Purpose The purpose of this paper is to investigate, in an Egyptian context, the external auditor type (Big 4 vs local) implications on reporting quality proxied by discretionary accruals (DA) and also examine whether auditor type impacts the market’s pricing of DA, where pricing is considered a proxy for the perceived DA quality.
Design/methodology/approach The sample period is 2012–2015, that is meant to be post the Egyptian revolution financial crisis; all Egyptian stock exchange (EGX) listed firms (except banks and financial institutions) are considered. DA are estimated using modified Dichev and Dechow’s (2002) model (McNicholas, 2002). Ordinary least squares regression tests are used to investigate the external auditor type implications on DA level and the related EGX investors’ pricing.
Findings The findings generally show the external auditor’s minimal role in mitigating DA. Moreover, the findings reflect the EGX investors’ negligence and/or lack of confidence in regards to DA and external auditor type factors in stock pricing. Practical implications The paper findings highlight to regulators the need for effective monitoring of audit firms earnings management mitigation performance to help reinforce investor confidence in financial reporting quality.
Originality/value This paper is the first that investigates the external auditor monitoring mechanism implications on investors’ perceptions of earnings quality in Egypt. The paper findings would provide important contributions, particularly post the Egyptian revolution crisis, where the EGX market is trying to restore the investors’ confidence.
Over the last two decades, the corporate failings (including Enron, Tyco and WorldCom) have interrogated the public trust in the auditing profession and resulted in increased regulatory scrutiny. For instance, the Sarbanes–Oxley Act (SOX) inaction in 2002, to call for reinforced auditor independence and the formation of Public Company Accounting Oversight Board (PCAOB) to monitor the external audit services quality (Lamoreaux, 2016). The audit market dramatic changes have increased the audit requirements demands (e.g. internal controls systems effectiveness assessment) that resulted in shifting from Big 4 audit firms to local audit firms mainly due to enlarged audit fees (Blokdijk et al., 2006; Rama and Read, 2006; Lawrence et al., 2011; Cassell et al., 2013; Comprix and Huang, 2015). Especially after 2002, local auditors are progressively exposed to higher business risk due to their acceptance of bigger size clients approaching from predecessor Big 4 auditors (Hogan and Martin, 2009). However, clients could be hesitant to engage local audit firms because of the apparent variances in name recognition or reputation, practical competences and industry know-how. Market participants’ prospects or assurance requests (e.g. shareholders, creditors, etc.) could be of major significance in their unwillingness to consider local audit firms (Cullinan et al., 2012).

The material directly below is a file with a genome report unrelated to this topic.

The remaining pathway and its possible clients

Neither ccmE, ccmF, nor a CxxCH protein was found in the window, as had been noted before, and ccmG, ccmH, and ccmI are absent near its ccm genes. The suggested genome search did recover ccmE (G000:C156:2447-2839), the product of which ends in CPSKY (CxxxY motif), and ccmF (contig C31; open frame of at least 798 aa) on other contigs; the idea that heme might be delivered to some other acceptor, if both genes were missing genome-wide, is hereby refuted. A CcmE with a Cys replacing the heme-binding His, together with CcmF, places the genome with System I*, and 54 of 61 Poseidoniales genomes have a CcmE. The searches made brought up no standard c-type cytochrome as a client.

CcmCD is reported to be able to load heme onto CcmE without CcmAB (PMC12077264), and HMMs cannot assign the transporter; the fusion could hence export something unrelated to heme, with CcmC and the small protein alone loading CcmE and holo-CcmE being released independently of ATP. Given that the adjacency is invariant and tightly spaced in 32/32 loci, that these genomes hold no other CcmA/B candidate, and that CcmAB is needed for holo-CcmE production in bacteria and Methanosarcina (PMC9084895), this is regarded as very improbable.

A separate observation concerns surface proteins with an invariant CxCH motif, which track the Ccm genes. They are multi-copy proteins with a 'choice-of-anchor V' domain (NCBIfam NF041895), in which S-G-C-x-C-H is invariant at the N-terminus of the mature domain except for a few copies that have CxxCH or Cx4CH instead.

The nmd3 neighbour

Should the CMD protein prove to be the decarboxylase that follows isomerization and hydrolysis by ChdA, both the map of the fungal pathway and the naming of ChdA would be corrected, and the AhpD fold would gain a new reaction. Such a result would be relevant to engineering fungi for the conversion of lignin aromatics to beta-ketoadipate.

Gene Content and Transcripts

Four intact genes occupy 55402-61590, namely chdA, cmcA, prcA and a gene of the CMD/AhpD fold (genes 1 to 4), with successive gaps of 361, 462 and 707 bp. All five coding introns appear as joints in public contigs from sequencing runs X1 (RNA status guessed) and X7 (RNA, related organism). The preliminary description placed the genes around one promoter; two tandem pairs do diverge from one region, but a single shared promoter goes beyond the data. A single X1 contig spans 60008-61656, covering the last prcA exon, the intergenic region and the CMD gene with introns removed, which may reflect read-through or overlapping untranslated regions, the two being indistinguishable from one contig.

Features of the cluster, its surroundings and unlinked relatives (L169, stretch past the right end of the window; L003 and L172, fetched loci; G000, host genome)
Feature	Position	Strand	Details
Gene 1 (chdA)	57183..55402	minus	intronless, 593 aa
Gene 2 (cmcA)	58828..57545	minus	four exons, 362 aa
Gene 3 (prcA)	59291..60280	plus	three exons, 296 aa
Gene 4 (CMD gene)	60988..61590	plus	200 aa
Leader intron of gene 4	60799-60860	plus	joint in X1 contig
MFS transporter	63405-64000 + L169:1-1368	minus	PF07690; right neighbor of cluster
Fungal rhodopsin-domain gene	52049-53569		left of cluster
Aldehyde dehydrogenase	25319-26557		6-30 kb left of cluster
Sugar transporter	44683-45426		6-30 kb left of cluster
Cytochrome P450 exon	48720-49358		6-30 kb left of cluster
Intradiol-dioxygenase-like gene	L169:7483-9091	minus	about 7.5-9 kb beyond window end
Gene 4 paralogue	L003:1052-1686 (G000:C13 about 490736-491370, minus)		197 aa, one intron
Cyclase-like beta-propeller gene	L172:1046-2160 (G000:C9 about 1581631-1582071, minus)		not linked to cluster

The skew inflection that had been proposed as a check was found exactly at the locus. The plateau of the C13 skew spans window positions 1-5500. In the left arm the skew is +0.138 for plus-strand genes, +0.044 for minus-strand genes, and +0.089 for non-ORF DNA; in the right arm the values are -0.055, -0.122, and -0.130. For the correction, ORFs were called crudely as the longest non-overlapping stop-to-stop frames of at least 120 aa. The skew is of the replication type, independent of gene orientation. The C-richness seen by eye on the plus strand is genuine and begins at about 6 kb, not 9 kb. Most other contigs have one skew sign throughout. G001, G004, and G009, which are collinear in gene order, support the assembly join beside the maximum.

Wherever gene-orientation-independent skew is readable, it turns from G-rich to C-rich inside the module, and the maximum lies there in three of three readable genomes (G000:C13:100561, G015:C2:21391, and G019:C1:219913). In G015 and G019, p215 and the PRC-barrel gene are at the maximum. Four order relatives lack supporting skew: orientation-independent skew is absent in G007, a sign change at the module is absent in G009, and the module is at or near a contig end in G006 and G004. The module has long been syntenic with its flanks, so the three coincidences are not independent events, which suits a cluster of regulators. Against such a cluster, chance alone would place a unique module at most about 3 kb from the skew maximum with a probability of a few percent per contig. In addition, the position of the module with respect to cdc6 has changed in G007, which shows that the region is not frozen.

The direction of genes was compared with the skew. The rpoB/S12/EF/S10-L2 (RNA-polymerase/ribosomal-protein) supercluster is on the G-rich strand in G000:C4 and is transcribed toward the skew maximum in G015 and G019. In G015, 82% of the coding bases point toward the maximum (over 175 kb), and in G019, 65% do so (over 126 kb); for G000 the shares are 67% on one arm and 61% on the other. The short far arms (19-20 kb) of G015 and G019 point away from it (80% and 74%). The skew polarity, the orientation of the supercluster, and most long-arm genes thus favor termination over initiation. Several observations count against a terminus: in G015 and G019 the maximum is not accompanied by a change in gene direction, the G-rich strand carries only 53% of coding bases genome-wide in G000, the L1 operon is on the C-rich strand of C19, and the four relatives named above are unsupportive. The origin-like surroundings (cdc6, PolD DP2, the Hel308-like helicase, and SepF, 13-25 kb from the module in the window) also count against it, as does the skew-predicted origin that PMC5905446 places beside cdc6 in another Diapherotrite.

5. Summary and conclusion
The paper investigates, in an Egyptian context, the external auditor type (Big 4 vs local) implications on reporting quality (measured by DA) and related investors’ pricing reactions over 2012–2015, that is meant to be post the Egyptian revolution crisis.
The findings reveal the minimal external auditor’s role in mitigating earnings management. More specifically, EGX firms choosing Big 4 audits are significantly expected to report more DA, whether the disclosure of such DA is for signaling potential value increasing investments needs future research investigation.
Investigating the investors’ perspectives of audited DA, the empirical analysis indicates that neither DA nor the external audit firm type are considered as important factors for EGX firms’ stocks pricing.